Agreement of treatment effects from observational studies using causal modelling and randomised trials: Meta-epidemiological study

Ewald H1, Ladanie A1, Ioannidis JP2, Mc Cord K1, Bucher HC3, Hemkens LG3
1Basel Institute for Clinical Epidemiology and Biostatistics (ceb), University Hospital Basel, University of Basel; Swiss Tropical and Public Health Institute, Basel, 2Stanford Prevention Research Center; Meta-Research Innovation Center at Stanford (METRICS); Department of Health Research and Policy; Department of Biomedical Data Science; Department of Statistics; Stanford University, CA, 3Basel Institute for Clinical Epidemiology and Biostatistics (ceb), University Hospital Basel, University of Basel

Background:Randomised controlled trials (RCTs) are not available for many important healthcare questions. Observational studies using causal modelling such as marginal structural models (MSM) are increasingly proposed as useful alternative. A recent Cochrane review (1), comparing observational studies with randomised trials, found no empirical analysis of observational studies using causal modelling.

Objectives:To evaluate the agreement of treatment effects estimated by observational studies with causal modelling using MSM with effects of RCTs on the same clinical question.

Methods: In a comprehensive meta-epidemiological study, we included any observational study comparing any defined treatment with any comparator providing an MSM-based effect estimate on any binary outcome. We identified 100 eligible studies via PubMed (last search October 2014), supplemented by screening of citations of key references of causal inference literature. In each eligible MSM-study, we identified any clinical question with a reported MSM-based treatment effect estimate and conducted systematic, peer-reviewed searches on PubMed (last search April 2016), supplemented by citation screenings, for RCT evidence on the same clinical question. Multiple RCTs were combined with random-effects meta-analyses to obtain one summary odds ratio for each clinical question. We then compared the direction of treatment effects, effect sizes and confidence intervals between MSM-studies and RCTs and used the ratio of odds ratios approach to evaluate the overall relationship of causal modelling effects and RCT results. We conducted several sensitivity analyses to explore effect modifications, in particular by risk of bias, mortality/non-mortality outcomes, active/passive comparators, missing data, and research topic.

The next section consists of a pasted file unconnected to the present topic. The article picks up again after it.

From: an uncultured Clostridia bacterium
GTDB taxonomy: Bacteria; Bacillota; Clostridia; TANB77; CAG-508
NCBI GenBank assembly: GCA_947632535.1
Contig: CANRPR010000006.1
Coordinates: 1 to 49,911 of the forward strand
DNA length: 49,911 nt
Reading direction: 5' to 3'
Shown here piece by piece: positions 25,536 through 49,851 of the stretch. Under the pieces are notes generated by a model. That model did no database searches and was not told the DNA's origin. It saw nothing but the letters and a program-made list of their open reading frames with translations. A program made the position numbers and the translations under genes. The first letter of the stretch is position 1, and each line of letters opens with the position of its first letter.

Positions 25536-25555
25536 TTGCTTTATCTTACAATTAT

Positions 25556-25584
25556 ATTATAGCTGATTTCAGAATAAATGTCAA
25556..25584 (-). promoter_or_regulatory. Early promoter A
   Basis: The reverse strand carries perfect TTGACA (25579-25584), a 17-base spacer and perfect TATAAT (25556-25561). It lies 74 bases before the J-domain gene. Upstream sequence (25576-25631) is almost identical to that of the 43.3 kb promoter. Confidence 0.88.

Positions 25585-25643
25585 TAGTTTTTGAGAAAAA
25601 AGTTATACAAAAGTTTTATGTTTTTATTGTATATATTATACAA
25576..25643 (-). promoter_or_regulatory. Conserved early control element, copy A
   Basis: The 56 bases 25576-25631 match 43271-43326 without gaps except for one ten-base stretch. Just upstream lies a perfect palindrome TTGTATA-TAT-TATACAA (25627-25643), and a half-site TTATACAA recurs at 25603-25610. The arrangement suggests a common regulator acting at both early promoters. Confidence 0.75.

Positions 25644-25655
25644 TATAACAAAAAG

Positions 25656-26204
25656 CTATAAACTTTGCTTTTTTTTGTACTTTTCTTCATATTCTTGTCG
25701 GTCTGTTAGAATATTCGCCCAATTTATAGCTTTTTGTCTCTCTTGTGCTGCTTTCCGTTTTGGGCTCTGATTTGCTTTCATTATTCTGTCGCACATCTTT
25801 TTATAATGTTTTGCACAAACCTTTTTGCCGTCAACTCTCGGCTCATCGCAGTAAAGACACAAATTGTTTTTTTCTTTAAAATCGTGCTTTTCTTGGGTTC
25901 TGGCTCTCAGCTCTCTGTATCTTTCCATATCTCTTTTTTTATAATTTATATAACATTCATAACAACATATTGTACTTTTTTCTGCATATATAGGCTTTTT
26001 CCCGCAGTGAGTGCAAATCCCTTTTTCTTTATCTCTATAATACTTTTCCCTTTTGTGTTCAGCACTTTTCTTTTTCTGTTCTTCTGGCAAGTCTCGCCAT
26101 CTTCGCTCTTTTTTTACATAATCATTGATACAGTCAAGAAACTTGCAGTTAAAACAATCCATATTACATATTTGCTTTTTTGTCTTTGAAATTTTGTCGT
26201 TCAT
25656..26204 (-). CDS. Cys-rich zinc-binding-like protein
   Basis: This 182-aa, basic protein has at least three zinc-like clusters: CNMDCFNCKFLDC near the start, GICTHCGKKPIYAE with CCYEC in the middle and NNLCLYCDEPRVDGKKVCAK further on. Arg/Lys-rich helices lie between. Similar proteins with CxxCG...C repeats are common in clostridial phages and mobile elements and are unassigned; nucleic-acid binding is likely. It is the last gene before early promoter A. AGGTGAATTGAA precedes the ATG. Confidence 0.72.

Results:Results will be available at the time of the Summit.

Conclusions:Results will indicate whether observational studies using causal modelling give different answers than randomised-controlled trials that evaluate the same clinical question.

1. Anglemyer A, et al. Healthcare outcomes assessed with observational study designs compared with those assessed in randomized trials.